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Exploring the Exumas

University of Miami Ph.D. student and team study geologic evolution of the Exumas on research trip

drilling core Drilling a core at Rocky Dundas, located in the Exuma Cays Land and Sea Park. Cores are drilled using a rotary drill and tripod with a wire-line core barrel system. (L-R) Irena Maura, Harold Hudson, Kirk Nuzum, Jan Norbisrath, Estelle Chaussard, Gregor Eberli. Photo by Kelly L. Jackson.

MIAMI — (April 22, 2011) — Nine students from the Marine Geology and Geophysics graduate program at the University of Miami Rosenstiel School of Marine & Atmospheric Science participated in a research cruise to the Exumas, Bahamas this spring. The primary purpose of the trip was to drill geologic core samples which will form part of Kelly Jackson’s Ph.D. dissertation, to better understand the effects of past sea level change on coastal environments such as those in the Bahamas, and help scientists understand how future sea level changes will affect coastal environments.

“The trip was very successful. The data we collected will be very useful in determining how the different islands or ‘Cays’ of the Exumas were formed, and what types of environments were present during their evolution,” said Jackson. Drilling to a maximum depth of 76 feet, Jackson and her team collected data even the average tourist can appreciate. “A large portion of the rocks exposed on the islands today were deposited 125,000 years ago when the sea level was about 6 meters higher,” Jackson said.

In addition to drilling core samples, students were led by Drs. Gregor Eberli and Donald McNeill on a field trip to explore the different geologic environments of the Exuma Cays. Estelle Chaussard, a Ph.D. student in Geophysics was one of the students on the trip assisting Jackson who took in all that the Exumas had to offer. “I learned not only about the Bahamas’ geology, but also about corals and stromatolites (layered structures formed in shallow water over the years by the trapping, binding and cementation of sedimentary grains and microorganisms). My favorite part of the trip was the mapping experience, hiking around islands and discovering beautiful landscapes — things that you would never experience in a typical touristic trip to the Bahamas!”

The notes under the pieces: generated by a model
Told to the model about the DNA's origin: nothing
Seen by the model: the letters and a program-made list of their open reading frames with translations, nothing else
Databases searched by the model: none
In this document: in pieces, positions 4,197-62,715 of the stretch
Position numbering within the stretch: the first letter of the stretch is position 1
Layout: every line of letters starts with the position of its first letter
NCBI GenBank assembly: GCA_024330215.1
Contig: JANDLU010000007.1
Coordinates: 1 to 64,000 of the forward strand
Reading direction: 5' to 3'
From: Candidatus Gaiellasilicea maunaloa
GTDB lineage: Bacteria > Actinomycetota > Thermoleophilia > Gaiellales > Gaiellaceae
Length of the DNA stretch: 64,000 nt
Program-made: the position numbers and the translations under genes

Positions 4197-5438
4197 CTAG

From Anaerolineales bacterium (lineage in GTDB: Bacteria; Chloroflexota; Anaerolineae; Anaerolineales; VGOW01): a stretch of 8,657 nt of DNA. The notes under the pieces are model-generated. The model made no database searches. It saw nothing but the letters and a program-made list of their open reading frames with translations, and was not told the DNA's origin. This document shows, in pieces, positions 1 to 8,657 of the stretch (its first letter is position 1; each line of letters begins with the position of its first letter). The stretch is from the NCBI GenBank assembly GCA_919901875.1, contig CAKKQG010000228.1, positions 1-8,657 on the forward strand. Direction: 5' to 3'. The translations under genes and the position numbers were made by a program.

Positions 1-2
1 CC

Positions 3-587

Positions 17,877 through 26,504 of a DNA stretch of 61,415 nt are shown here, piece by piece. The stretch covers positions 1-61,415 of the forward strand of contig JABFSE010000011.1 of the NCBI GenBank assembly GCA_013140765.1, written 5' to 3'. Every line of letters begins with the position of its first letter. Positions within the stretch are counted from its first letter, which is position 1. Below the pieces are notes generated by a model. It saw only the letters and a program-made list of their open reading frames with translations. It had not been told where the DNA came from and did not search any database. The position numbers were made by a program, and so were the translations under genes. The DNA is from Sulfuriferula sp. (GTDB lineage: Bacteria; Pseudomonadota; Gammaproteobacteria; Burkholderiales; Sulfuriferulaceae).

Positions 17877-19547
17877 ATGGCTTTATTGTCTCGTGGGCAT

Jackson plans on returning to the Exumas later in 2011 to complete her mapping studies in the Exuma Cays Land and Sea Park.

About the University of Miami’s Rosenstiel School
The University of Miami’s mission is to educate and nurture students, to create knowledge, and to provide service to our community and beyond. Committed to excellence and proud of the diversity of our University family, we strive to develop future leaders of our nation and the world. Founded in the 1940’s, the Rosenstiel School of Marine & Atmospheric Science has grown into one of the world’s premier marine and atmospheric research institutions. Offering dynamic interdisciplinary academics, the Rosenstiel School is dedicated to helping communities to better understand the planet, participating in the establishment of environmental policies, and aiding in the improvement of society and quality of life. For more information, please visit www.rsmas.miami.edu.

Tags:
marine geology and geophysics •  dr. gregor eberli •  dr. donald mcneil •  estelle chaussard •  kelly jackson •  research •